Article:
Dubai and South Africa based Mike de Kock: “When your horse may not have the bloodlines or ability of their opponent, fitness is the one area in which you can beat them.”
Poker is a perfect example of the age-old ‘nature vs. nurture’ question.
As a trainer, you may either play Texas Hold ‘Em Seven Card Stud or you play the much less popular Seven Card Draw. In stud, you get 2 cards of your own (genetics) and everyone plays off of the 5 community cards (environment). However, in Seven Card Draw there are no community cards – every player gets the chance to trade in up to 4 of his cards (genetics) received from the dealer. You can’t trade them all in, but you are not forced to play the hand you are dealt, nor are you forced to play the community cards (environment) that others are bound to in Texas Hold ‘Em. You may trade in some cards and get poorer ones in return, or you may improve your hand significantly. In Stud that is purely a game of chance, but in equine training/conditioning you can literally ‘stack the deck’ in your favor.
Confused yet? Maybe that was a clumsy analogy, but as a horseman you are not stuck playing the genetic cards dealt to you by breeding in terms of stamina, you can better your hand by altering the conditioning stimulus for each individual horse. To do this properly, you need to know exactly how stamina is developed on a physiological level.
In thoroughbred race horses, stamina is the ability to hold 95% of top speed for a longer period of time. This differs from endurance horses, who like human marathoners, must run all day long at a slower pace. Thoroughbreds must deal with holding speed in the presence of lactic acid, therefore training paces must take this into account.
Stamina is not some mythical quality, it is measureable.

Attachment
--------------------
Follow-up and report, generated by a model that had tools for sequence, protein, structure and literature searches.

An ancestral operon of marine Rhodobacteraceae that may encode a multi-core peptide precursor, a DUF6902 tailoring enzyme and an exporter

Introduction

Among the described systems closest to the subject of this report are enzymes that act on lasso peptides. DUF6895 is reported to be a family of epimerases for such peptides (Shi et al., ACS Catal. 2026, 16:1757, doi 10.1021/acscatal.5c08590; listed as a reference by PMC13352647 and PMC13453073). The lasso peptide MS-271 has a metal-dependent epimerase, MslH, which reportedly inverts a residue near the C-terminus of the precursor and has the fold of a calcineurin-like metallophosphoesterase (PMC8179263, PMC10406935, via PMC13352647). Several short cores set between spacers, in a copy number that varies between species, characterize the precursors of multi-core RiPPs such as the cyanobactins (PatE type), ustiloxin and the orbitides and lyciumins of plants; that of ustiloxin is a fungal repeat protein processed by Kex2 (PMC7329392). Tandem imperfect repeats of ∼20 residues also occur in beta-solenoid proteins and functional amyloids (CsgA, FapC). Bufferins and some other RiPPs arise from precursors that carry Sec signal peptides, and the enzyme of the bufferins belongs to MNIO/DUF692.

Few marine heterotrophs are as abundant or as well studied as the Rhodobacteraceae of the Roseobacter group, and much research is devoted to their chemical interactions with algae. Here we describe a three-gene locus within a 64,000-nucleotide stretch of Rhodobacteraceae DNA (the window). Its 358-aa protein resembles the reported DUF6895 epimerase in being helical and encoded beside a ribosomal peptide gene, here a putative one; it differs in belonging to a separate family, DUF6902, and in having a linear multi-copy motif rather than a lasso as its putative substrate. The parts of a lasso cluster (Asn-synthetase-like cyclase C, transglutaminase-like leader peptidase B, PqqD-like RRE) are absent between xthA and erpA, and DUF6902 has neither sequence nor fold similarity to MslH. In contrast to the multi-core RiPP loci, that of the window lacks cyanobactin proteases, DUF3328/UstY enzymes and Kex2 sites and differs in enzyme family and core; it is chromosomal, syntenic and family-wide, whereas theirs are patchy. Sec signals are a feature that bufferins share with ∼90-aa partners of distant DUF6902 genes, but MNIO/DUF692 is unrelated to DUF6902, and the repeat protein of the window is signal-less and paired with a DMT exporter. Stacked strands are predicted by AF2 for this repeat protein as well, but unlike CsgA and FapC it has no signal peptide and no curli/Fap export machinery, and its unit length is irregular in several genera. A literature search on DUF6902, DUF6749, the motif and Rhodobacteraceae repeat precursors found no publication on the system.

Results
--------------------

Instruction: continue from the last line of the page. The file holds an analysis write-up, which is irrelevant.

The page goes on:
Stamina consists of actual physiological structures inside of a horse’s body. Again, pedigree dictates what quantity and function the animal is born with – as well as its rate of development through age and training – but targeted conditioning itself improves this scenario.
For simplicity’s sake we’ll first focus on just one of these structures: mitochondria. You can see these things in a muscle – although you need a very powerful microscope. This is the powerhouse of the muscle cell: where nutrients from the diet and broken down in the presence of oxygen to produce aerobic energy and eventually movement down the track. (By the way, all the mitochondria in a horse’s body are inherited from the mother, which again points to the genetic importance of the female lines in breeding theory.)
Heck, let’s add one more physical component of stamina: capillaries. Horses are born with a set number of arteries and veins with which to transport blood to and from the working muscles during exercise. Capillaries are the very small vessels that run between these arteries and veins. The surface area of these blood vessels is where gaseous exchange takes place – the taking in of oxygen from the blood and the release of waste products such as carbon dioxide back into the environment. Most importantly, although the number of arteries and veins are set at birth, the number of capillaries is not. Exercise increases capillarization – and therefore increases the surface area for gaseous exchange which results in more aerobic energy output.
Very simply put, the quantity and quality of mitochondria in the muscles and capillaries in the circulatory system dictate the presence or absence of stamina in a thoroughbred racehorse.
Now training an endurance horse, or human, is simple – miles upon miles of slow exercise to build these structures. Thoroughbreds cannot do this – else they will simply be able to run forever, albeit slowly. Thoroughbreds race mainly in 120 seconds or less at high speeds – and with great buildups of lactic acid in the process.